Any guess to what is happening today from a Social Media standpoint for many companies? In short, Dejavu is occurring in regard to Social Media and many companies are ignoring the hard lessons that should have been learned during the 80’s. Indeed, many companies are proceeding down the same path without fully considering the correct methodology to use and unfortunately will end up designing programs with the same discontinuities and pitfalls as they did when developing an internet capability.

The following chart is a quick comparison of the companies in the dot com 80’s and the parallel to the development of social media capabilities of today:

Dot Com 1980’s Internet Capability Development

Social Media Capability Development Current Comparison

Adding Capabilities just to show up


Build now/fast, determine how to integrate later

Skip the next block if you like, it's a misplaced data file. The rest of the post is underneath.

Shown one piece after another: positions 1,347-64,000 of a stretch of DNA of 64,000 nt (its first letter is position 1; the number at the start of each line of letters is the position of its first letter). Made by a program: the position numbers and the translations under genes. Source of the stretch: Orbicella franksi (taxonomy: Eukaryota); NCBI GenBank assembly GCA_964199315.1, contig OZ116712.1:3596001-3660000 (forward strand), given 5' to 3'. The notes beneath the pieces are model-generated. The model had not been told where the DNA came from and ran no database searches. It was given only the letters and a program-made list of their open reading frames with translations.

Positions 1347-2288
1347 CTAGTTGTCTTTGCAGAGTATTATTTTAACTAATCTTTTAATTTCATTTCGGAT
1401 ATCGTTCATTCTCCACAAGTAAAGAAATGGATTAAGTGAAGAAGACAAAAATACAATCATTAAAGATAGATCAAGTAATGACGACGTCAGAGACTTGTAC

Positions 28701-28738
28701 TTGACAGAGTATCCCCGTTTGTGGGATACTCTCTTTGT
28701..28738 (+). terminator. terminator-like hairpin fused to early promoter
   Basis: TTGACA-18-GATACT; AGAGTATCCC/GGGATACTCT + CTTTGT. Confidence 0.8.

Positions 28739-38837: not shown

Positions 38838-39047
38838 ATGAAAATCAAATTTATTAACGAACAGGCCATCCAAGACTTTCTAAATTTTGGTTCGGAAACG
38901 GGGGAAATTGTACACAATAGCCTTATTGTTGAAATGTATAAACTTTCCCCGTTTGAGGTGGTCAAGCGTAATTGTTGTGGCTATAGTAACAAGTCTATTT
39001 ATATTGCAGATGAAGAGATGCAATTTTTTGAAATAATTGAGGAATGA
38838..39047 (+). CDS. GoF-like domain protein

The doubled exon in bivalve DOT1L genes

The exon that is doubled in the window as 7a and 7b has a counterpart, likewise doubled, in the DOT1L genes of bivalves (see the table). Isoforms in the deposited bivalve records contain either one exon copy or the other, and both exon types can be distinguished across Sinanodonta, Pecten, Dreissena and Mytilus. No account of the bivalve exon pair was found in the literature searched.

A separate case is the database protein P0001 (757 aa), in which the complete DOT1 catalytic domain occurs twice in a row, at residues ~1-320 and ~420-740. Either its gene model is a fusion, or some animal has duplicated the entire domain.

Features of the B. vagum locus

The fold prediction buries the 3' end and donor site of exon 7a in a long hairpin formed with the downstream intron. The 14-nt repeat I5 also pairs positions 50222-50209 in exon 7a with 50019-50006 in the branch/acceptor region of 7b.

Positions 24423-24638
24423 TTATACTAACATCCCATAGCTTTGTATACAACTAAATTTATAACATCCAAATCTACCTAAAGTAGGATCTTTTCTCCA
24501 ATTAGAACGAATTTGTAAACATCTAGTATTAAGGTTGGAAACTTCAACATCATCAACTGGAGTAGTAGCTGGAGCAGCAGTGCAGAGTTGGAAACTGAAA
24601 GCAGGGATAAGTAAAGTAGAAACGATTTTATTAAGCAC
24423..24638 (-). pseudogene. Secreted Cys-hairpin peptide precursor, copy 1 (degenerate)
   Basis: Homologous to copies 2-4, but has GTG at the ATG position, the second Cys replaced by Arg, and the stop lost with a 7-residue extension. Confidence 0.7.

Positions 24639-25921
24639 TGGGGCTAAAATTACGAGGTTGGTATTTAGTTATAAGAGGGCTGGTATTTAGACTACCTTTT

Build functions in silos or with just a few departments


Ad-hoc inter-organizational program governance


Processes and organization not totally optimized


Standards and Policy Developed on the fly


Financial Business Case Not Fully Developed Yes

As part one of a series of blog posts, the following post will provide you with an overview of the seven areas where I have seen my Fortune 500 clients make major mistakes when attempting to develop top-notch social media programs. Following this post, I will address how a best-in-class social media program development methodology I have developed called SMARTE – The Social Media Adaptive/Responsive/Transcendent Enterprise enables companies to avoid many of these pitfalls and mistakes, but rather facilitates the development of a world-class social media program that leads to increased market share, higher brand values and increased customer loyalty.

The seven deadly Social Media Sins – Pitfalls and Mistakes Companies Make in Developing a World-Class Social Media Program: